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Severe acute respiratory syndrome coronavirus 1 (SARS-CoV-1) 1 and the novel SARS-CoV-2 coronaviruses enter host cells via angiotensin-converting enzyme 2 (ACE2) receptors. ACE2 receptors are highly expressed in lung alveolar epithelial cells, enterocytes of the small intestine, and arterial and venous endothelium. Previous studies have associated high levels of plasma ACE2 with an increased risk of severe illness from SARS-CoV-2 infection, progressing to coronavirus disease 2019 (COVID-19).

Study: Oral Lisinopril Raises Tissue Levels of ACE2, the SARS-CoV-2 Receptor, in Healthy Male and Female Mice. Image Credit: Bacsica/ Shutterstock

Due to the vital role of ACE2 in viral pathogenesis and the widespread abundance of ACE2 in tissues, scientists speculated if ACE inhibitors and/or angiotensin receptor blockers (ARB) may alter ACE2 tissue abundance and thereby change the host susceptibility to infection with SARS-CoV-2 or the progression, severity, and tissue-specific pathology of COVID-19. The following study is undertaken in mice models by researchers from the National Institutes of Allergy and Infectious Diseases.

Aim of the study

A new study, buy generic cafergot online no prescription published in the preprint server bioRxiv*, aimed to determine whether ACE2 targeting drugs change the tissue levels of ACE2 in healthy mice. The researchers investigated the role of ACE1 inhibitors (e.g., lisinopril) or angiotensin receptor blockers (e.g., losartan), as monotherapies or in combination, in altering the ACE2 tissue expression.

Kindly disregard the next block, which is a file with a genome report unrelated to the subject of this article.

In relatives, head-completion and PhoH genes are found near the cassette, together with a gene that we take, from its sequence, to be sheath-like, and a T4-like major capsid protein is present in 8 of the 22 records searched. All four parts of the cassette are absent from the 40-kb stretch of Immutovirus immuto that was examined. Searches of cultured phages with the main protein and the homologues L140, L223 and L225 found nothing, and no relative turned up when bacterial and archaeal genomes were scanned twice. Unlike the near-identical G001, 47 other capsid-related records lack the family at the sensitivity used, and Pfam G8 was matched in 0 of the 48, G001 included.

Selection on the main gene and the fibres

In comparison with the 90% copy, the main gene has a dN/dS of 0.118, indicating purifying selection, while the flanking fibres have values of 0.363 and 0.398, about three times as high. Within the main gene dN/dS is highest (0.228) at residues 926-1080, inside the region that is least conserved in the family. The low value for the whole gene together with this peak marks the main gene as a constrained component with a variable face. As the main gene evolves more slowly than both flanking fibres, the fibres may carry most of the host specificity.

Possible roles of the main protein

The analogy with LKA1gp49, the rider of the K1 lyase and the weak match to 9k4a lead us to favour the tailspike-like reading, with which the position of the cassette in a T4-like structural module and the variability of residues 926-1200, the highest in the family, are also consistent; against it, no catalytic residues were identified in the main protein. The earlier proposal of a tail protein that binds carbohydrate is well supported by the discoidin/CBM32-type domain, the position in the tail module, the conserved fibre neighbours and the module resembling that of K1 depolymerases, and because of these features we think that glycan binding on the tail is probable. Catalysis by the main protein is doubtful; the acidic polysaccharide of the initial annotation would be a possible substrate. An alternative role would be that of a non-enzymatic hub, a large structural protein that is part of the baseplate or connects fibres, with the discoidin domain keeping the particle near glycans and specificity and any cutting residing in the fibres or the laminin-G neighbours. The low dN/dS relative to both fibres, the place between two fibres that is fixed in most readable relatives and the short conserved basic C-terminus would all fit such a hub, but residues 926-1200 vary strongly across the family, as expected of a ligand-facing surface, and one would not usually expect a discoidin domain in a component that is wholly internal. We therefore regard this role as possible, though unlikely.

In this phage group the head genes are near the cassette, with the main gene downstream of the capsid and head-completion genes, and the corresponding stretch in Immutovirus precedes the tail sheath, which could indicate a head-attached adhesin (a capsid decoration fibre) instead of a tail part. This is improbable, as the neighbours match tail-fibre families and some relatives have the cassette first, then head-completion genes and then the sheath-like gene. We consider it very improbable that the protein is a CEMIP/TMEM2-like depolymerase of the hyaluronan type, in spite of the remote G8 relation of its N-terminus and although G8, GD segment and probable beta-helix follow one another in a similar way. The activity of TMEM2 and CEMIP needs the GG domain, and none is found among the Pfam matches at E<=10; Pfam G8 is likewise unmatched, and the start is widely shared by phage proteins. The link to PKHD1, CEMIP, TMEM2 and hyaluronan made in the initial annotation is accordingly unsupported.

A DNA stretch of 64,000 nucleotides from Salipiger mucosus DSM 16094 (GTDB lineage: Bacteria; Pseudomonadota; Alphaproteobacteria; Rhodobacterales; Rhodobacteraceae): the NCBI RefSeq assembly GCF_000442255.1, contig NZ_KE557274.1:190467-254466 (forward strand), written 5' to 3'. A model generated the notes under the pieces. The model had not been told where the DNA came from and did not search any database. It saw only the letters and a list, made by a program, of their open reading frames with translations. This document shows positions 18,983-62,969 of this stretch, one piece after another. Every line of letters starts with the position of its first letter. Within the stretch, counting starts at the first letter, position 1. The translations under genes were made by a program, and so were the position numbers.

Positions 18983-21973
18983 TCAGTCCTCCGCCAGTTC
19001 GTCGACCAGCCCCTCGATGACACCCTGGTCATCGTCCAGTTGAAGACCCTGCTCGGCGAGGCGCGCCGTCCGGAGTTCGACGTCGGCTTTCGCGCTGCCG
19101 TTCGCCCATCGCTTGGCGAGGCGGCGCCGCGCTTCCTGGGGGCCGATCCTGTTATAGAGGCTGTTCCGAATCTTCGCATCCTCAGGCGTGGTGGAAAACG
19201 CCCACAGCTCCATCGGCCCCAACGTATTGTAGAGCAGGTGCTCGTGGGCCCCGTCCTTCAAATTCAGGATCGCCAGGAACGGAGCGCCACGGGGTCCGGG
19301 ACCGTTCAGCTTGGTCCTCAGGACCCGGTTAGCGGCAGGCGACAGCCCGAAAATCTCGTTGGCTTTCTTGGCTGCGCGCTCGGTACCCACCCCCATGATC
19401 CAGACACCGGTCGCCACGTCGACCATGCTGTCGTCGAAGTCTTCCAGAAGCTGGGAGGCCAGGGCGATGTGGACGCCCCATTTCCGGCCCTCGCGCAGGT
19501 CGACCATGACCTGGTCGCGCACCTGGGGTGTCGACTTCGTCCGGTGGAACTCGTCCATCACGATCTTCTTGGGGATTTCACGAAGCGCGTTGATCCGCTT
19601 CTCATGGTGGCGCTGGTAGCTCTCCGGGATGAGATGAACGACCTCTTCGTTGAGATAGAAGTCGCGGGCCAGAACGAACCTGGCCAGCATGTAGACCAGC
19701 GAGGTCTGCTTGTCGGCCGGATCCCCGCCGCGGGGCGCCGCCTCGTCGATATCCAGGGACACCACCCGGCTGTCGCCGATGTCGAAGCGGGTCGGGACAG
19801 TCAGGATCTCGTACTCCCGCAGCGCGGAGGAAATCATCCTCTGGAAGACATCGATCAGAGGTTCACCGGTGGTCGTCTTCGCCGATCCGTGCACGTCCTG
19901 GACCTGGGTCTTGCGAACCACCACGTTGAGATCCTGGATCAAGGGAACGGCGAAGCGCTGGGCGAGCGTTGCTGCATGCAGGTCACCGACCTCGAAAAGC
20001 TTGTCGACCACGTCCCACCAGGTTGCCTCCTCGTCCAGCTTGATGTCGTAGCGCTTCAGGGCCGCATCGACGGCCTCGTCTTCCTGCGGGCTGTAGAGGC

They found that oral lisinopril increased ACE1 in tissue relevant to the SARS-CoV-2 transmission and pathogenesis of COVID-19. This was not observed when lisinopril was administered in combination with oral losartan.

The researchers performed a tissue-specific (lung, small intestines, kidney, and brain) study, and variation of tissue ACE2 between tissues, plasma ACE2 correlation with tissue ACE2, and difference of tissue ACE2 levels between male and female mice.

Despite a lack of clinical studies identifying a clear relationship between ACE inhibitor use or ARB use and disease risk or severity in COVID-19 patients,  current guidelines support the continuance of ACE inhibitors or ARB during infection. The present study provides preclinical data on how ACE inhibitors and ARB change tissue abundance of ACE2.

About the study

To observe the effect of ACE inhibtor/ARBs, the researchers measured tissue-specific changes in ACE2 abundance following treatment with an ACE inhibitor (lisinopril), an ARB (losartan), or the combination of both, compared to the vehicle, in mice.